Filmed in and around the North Shore MTB trails of Vancouver, Canada, Andre Perrett assembled tips that riders of gravel and cyclocross bikes will find useful. If you ridden events such as the stage race version of Rebecca’s Private Idaho or Fried Clay 200K, events that incorporate MTB trails into the course, or simply enjoy playing around in the woods on drop bar bikes, learning new skills is part of becoming a well-rounded gravel cyclist.
Thanks to mountain bike technology, cyclocross and gravel bikes are now super capable off-road machines. Absent front suspension, my Brodie Romax is way more dependable and versatile than the original fully rigid hardtail mountain bikes I started riding around UBC in the 1990s.
Unfortunately, there is now a massive gap between technology and cross/gravel skills tutorials. I was taken back at the level of misinformation I found in many internet cyclocross-instructional videos that were clearly taught by riders from a road background who spend most of their time sitting and pedaling.
Gravel racing is also booming and there are even fewer tutorials on handling skills on a gravel bike. Gravel Cyclist’s, “How to descend on Gravel” video is one of the first. As a reminder, descending gravel fast on tires that measure 35mm to 40mm can still be inherently dangerous and intimidating to a rider. Ride within your comfort zone.
I became obsessed with creating a tutorial that takes what I consider to be key all-mountain MTB skills and adapts them to curly bar bikes. The ‘Cross-Road’ (Cyclocross + Off-Road) video tutorial is the result of six months of visioning, a few rain-free winter Saturdays, and some prior experience self-filming bike videos. Most of the riding is on gravel trails with huge cross over into gravel road descending.
I made Cross-Road for riders who are from a road background and are looking to venture off-road. You can ride faster with these skills, but most importantly, you will ride safer and in more control, especially descending gravel roads at high speeds. Gravel is also the WORST surface for grip, so it demands your attention.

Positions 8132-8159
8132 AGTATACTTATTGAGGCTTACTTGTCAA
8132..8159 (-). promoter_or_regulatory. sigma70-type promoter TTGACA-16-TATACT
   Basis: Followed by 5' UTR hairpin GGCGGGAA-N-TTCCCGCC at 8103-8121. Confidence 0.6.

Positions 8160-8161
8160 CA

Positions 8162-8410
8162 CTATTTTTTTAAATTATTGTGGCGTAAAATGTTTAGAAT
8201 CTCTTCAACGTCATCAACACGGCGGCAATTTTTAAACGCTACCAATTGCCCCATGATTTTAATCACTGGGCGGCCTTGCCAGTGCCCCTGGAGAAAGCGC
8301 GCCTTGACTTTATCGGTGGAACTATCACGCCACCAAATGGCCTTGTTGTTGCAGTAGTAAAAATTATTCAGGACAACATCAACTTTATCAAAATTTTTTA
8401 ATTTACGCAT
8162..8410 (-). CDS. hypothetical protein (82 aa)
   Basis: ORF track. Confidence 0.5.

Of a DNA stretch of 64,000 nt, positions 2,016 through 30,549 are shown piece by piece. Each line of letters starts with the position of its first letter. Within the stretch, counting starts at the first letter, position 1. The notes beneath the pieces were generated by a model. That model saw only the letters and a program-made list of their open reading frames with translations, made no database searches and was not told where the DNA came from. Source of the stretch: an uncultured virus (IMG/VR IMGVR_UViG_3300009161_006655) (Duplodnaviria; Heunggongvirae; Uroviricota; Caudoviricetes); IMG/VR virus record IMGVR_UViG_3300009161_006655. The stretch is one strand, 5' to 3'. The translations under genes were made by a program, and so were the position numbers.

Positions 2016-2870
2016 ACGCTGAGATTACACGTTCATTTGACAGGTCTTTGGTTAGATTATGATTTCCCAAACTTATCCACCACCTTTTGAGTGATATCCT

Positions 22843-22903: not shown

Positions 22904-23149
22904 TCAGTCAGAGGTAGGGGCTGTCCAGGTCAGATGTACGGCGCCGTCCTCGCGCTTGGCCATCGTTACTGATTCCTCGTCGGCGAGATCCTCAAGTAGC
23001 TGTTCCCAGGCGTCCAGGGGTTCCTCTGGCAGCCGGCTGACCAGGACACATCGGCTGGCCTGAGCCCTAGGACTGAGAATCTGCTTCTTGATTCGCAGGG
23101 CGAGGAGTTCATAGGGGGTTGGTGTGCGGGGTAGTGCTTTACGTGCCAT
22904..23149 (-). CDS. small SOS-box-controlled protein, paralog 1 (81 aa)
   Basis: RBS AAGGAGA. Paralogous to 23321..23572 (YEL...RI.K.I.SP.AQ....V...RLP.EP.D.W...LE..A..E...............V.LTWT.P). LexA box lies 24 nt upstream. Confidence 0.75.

I’ve boiled down the essential Cross-Road skills into a simple mantra, but it will take you many, many hours of practice to master these skills:
- Stand Up
- Drop your Heels
- Rotate your Wrists 30 Degrees
- Drive your Front Tire into the Ground
- Lean your Bike, Not Your Body
If you are new to gravel racing, I would advise you to descend in the drops in order to drive your front tire into the ground. Cross-Road assumes you are riding cyclocross or a bit more technical, twisty terrain in the hoods and need that upright position to handle the bike more aggressively.
One of the biggest myths that are out there in road/cross tutorials are that you turn by leaning your body or sticking your knee out. The bike turns when it leans. Simple. What you need to focus on is maximizing your traction when the bike leans. This is best accomplished by keeping as much weight as possible over the tires. This is the essence of leaning the bike, not the body. For gravel descending the simplest thing you can do is put most of your weight on the outside pedal in turns.
Another myth is that the front wheel washes out because you have too much weight on it. This is poppycock! How many road riders on TV have you seen crash in turns because they are sitting down, with most of their weight on the rear wheel, resulting in their front wheel washing out so quick they hit the deck hard? This is also a common crash on gravel. Turning aggressively with anything less than 50% of your weight on the front wheel is a recipe for disaster.
Watch the tutorial below to see these myths addressed. If it changes your off-pavement experience then consider donating to Trips for Kids Vancouver Society – Vancouver’s oldest youth bike charity!
Finally – I can’t emphasize enough how effective dropping your heels are as a crash-avoidance skill for gravel descending. You will literally move your centre gravity by a foot, both below and behind the bottom bracket. You also move your weight rewards with your legs, not by pushing back with your arms, and allows to more effectively drive the front wheel into the ground in turns for traction. It will feel foreign to you only because if you haven’t ridden a BMX or MTB with flat pedals you have never tried it.
Cross-Road comes from racing over 100,000 vertical feet in Vancouver-area enduro races in the last five years on some of the most challenging trails in the world on a lanky frame with a stratospheric centre of gravity not particularly suited to bikes! I have the legs of a 6”6 guy. My centre of gravity is well above the bike frame and I’ve had to adapt all the top tips from enduro pros in order to feel in control and efficient when racing long stages which can last up to 15 minutes of flat-out descending in the Sea to Sky corridor!
Plenty of credit for the core Cross-Road skills goes to downhill/enduro legend Fabien Barel’s excellent youtube tutorials if you want to check those out. One final thing – I do not have an extremely upright position in Cross-Road. My legs are so long the riser curly handlebars you see in the video only allow for a 2” seat-to-hood drop.
Thanks for reading and watching… Andre.